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From Fabian Hueske <fhue...@gmail.com>
Subject Re: Counting latest state of stateful entities in streaming
Date Fri, 30 Sep 2016 09:08:14 GMT
This works with event-time as well. You need to set the right
TimeCharacteristics on the exec env and assign timestamps + watermarks. The
only time depended operation is the window. YourWindowFunction assigns the
timestamp of the window. WindowFunction.apply() has a TimeWindow parameter
that gives access to the window's start and end time. See docs [1].


2016-09-30 11:00 GMT+02:00 Simone Robutti <simone.robutti@radicalbit.io>:

> I'm working with your suggestions, thank you very much. What I'm missing
> here is what YourWindowFunction should do. I have no notion of event time
> there and so I can't assign a timestamp. Also this solution seems to be
> working by processing time, while I care about event time. I couldn't make
> it run yet but for what I got, this is slightly different from what I need.
> 2016-09-30 10:04 GMT+02:00 Fabian Hueske <fhueske@gmail.com>:
>> Hi Simone,
>> I think I have a solution for your problem:
>> val s: DataStream[(Long, Int, ts)] = ??? // (id, state, time)
>> val stateChanges: DataStream[(Int, Int)] = s // (state, cntUpdate)
>>   .keyBy(_._1) // key by id
>>   .flatMap(new StateUpdater) // StateUpdater is a stateful
>> FlatMapFunction. It has a keyed state that stores the last state of each
>> id. For each input record it returns two records: (oldState, -1),
>> (newState, +1)
>> stateChanges ensures that counts of previous states are subtracted.
>> val changesPerWindow: DataStream[(Int, Int, Long)] = stateChanges //
>> (state, cntUpdate, time)
>>   .keyBy(_._1) // key by state
>>   .window() // your window, should be non-overlapping, so go for instance
>> for Tumbling
>>   .apply(new SumReducer(), new YourWindowFunction()) // SumReducer sums
>> the cntUpdates and YourWindowFunction assigns the timestamp of your window
>> this step aggregates all state changes for each state in a window
>> val stateCnts: DataStream[(Int, Int, Long)] = stateCnts (state, count,
>> time)
>>   .keyBy(_._1) // key by state again
>>   .map(new CountUpdater) // CountUpdater is a stateful MapFunction. I has
>> a keyed state that stores the current count. For each incoming record, the
>> count is adjusted and a record (state, newCount, time) is emitted.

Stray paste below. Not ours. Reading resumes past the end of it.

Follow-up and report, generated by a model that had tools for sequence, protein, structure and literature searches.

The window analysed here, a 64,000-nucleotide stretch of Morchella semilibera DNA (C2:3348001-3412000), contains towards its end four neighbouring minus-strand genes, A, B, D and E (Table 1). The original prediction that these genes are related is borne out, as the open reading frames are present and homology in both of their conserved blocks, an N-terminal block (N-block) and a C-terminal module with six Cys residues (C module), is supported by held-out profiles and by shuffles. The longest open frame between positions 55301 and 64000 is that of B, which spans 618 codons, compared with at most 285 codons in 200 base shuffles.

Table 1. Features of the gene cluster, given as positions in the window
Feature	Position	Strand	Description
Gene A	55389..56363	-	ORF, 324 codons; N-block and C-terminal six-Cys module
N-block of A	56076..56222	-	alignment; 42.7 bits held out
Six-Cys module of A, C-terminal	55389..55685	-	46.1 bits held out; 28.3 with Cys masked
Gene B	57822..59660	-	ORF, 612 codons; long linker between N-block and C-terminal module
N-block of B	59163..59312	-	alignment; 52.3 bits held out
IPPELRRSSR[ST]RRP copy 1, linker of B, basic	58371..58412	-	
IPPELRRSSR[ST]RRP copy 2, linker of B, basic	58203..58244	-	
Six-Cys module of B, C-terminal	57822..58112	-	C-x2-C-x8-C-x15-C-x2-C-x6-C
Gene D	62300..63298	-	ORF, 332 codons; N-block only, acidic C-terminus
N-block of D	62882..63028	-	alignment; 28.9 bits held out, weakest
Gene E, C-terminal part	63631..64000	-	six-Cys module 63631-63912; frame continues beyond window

>> Now you have the new counts for your states in multiple records. If
>> possible, you can update your Elasticsearch index using these. Otherwise,
>> you have to collect them into one record using another window.
>> Also note, that the state size of this program depends on the number of
>> unique ids. That might cause problems if the id space grows very fast.
>> Please let me know, if you have questions or if that works ;-)
>> Cheers, Fabian
>> 2016-09-30 0:32 GMT+02:00 Simone Robutti <simone.robutti@radicalbit.io>:
>>> Hello,
>>> in the last few days I tried to create my first real-time analytics job
>>> in Flink. The approach is kappa-architecture-like, so I have my raw data on
>>> Kafka where we receive a message for every change of state of any entity.
>>> So the messages are of the form
>>> (id,newStatus, timestamp)
>>> We want to compute, for every time window, the count of items in a given
>>> status. So the output should be of the form
>>> (outputTimestamp, state1:count1,state2:count2 ...)
>>> or equivalent. These rows should contain, at any given time, the count
>>> of the items in a given status, where the status associated to an Id is the
>>> most recent message observed for that id. The status for an id should be
>>> counted in any case, even if the event is way older than those getting
>>> processed. So the sum of all the counts should be equal to the number of
>>> different IDs observed in the system. The following step could be
>>> forgetting about the items in a final item after a while, but this is not a
>>> strict requirement right now.
>>> This will be written on elasticsearch and then queried.
>>> I tried many different paths and none of them completely satisfied the
>>> requirement. Using a sliding window I could easily achieve the expected
>>> behaviour, except that when the beginning of the sliding window surpassed
>>> the timestamp of an event, it was lost for the count, as you may expect.
>>> Others approaches failed to be consistent when working with a backlog
>>> because I did some tricks with keys and timestamps that failed when the
>>> data was processed all at once.
>>> So I would like to know, even at an high level, how should I approach
>>> this problem. It looks like a relatively common use-case but the fact that
>>> the relevant information for a given ID must be retained indefinitely to
>>> count the entities correctly creates a lot of problems.
>>> Thank you in advance,
>>> Simone

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